A municipal guide to least cost utility planning [electronic resource].
- Washington, D.C. : United States. Dept. of Energy, 1992. and Oak Ridge, Tenn. : Distributed by the Office of Scientific and Technical Information, U.S. Dept. of Energy.
- Physical Description:
- Pages: (119 pages) : digital, PDF file
- Additional Creators:
- United States. Department of Energy and United States. Department of Energy. Office of Scientific and Technical Information
- Restrictions on Access:
- Free-to-read Unrestricted online access
- The recent track record of traditional'' electricity planning, which entails selection of supply side resources to meet forecasted demand, has not been good. There are numerous examples of utilities incorrectly forecasting demand and over-building generating capacity while others underestimated growth and have had to cut demand and find alternate power sources to avoid outages. A potential solution to this problem is the continuing development of Least Cost Utility Plannning (LCUP). Regulatory commissions, consumer advocates and utilities are increasingly relying an LCUP as the most responsible way to avoid construction of new capacity and alleviate anticipated shortages caused by cancellation of construction projects, load growth, or natural replacement of aging capacity. The purpose of this report is to provide municipalities a starting point for evaluating their servicing utilities or states' least cost plan. This was accomplished by: Identifying key issues in LCUP; reviewing examples of the collaborative and classic approaches to LCUP in Illinois, California, New York State and Michigan; cataloging municipal authorities and strategies which can influence or support LCUP activities. Results of the project indicate that through a basic understanding of LCUP processes and issues, municipalities will be in a better position to influence plans or, if necessary, intervene in regulatory proceedings where plans are adopted. Constraints to municipal involvement in LCUP include statutory limitations, resource constraints, and a lack of knowledge of indirect authorities that support the LCUP process.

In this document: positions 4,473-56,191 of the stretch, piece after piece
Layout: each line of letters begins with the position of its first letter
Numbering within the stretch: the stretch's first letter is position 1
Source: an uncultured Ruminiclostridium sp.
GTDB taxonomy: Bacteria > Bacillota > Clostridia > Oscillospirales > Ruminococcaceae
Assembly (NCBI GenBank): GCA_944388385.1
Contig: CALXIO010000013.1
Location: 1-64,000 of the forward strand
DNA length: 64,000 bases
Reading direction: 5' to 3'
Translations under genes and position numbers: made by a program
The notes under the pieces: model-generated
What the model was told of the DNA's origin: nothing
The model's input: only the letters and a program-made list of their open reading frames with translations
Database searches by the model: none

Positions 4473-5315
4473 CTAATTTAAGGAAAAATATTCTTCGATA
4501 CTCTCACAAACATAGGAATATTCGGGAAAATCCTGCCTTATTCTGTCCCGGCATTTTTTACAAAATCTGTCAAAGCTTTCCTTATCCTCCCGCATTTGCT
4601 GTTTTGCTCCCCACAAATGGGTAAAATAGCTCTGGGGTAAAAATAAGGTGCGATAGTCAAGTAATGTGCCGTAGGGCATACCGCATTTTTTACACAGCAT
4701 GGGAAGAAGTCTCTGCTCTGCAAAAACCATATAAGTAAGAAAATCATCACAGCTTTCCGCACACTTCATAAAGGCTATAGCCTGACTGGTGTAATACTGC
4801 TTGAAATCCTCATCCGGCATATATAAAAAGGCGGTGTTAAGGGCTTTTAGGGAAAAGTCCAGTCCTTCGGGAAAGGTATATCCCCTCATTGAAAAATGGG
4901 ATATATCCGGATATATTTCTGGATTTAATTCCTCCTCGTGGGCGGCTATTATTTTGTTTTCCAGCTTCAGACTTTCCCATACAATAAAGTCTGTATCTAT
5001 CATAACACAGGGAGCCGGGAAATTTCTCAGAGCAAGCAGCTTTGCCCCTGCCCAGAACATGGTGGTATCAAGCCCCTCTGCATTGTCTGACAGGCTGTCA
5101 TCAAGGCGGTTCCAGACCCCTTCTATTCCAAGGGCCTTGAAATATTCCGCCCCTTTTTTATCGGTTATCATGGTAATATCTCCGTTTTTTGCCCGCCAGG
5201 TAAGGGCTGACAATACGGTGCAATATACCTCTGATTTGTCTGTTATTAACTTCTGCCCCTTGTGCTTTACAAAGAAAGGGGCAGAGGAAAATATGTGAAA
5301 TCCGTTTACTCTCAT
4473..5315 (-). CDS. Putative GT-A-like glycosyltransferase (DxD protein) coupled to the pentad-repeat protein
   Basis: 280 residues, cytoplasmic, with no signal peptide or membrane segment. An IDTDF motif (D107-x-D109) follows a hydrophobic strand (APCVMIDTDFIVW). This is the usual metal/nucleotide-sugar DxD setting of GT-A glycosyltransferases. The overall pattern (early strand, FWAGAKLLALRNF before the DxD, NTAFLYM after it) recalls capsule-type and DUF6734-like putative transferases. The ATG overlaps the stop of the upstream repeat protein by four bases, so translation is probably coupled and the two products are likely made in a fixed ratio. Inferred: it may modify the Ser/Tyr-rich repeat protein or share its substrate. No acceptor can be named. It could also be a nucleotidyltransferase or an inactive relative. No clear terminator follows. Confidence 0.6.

- Published through SciTech Connect., 03/01/1992., "doe/ir/05106-t161", "DE93005624", Urban Consortium for Technology Initiatives (United States). Energy Task Force, Public Technology, Inc., Washington, DC (United States), and Chicago Dept. of Environment, IL (United States)
- Funding Information:
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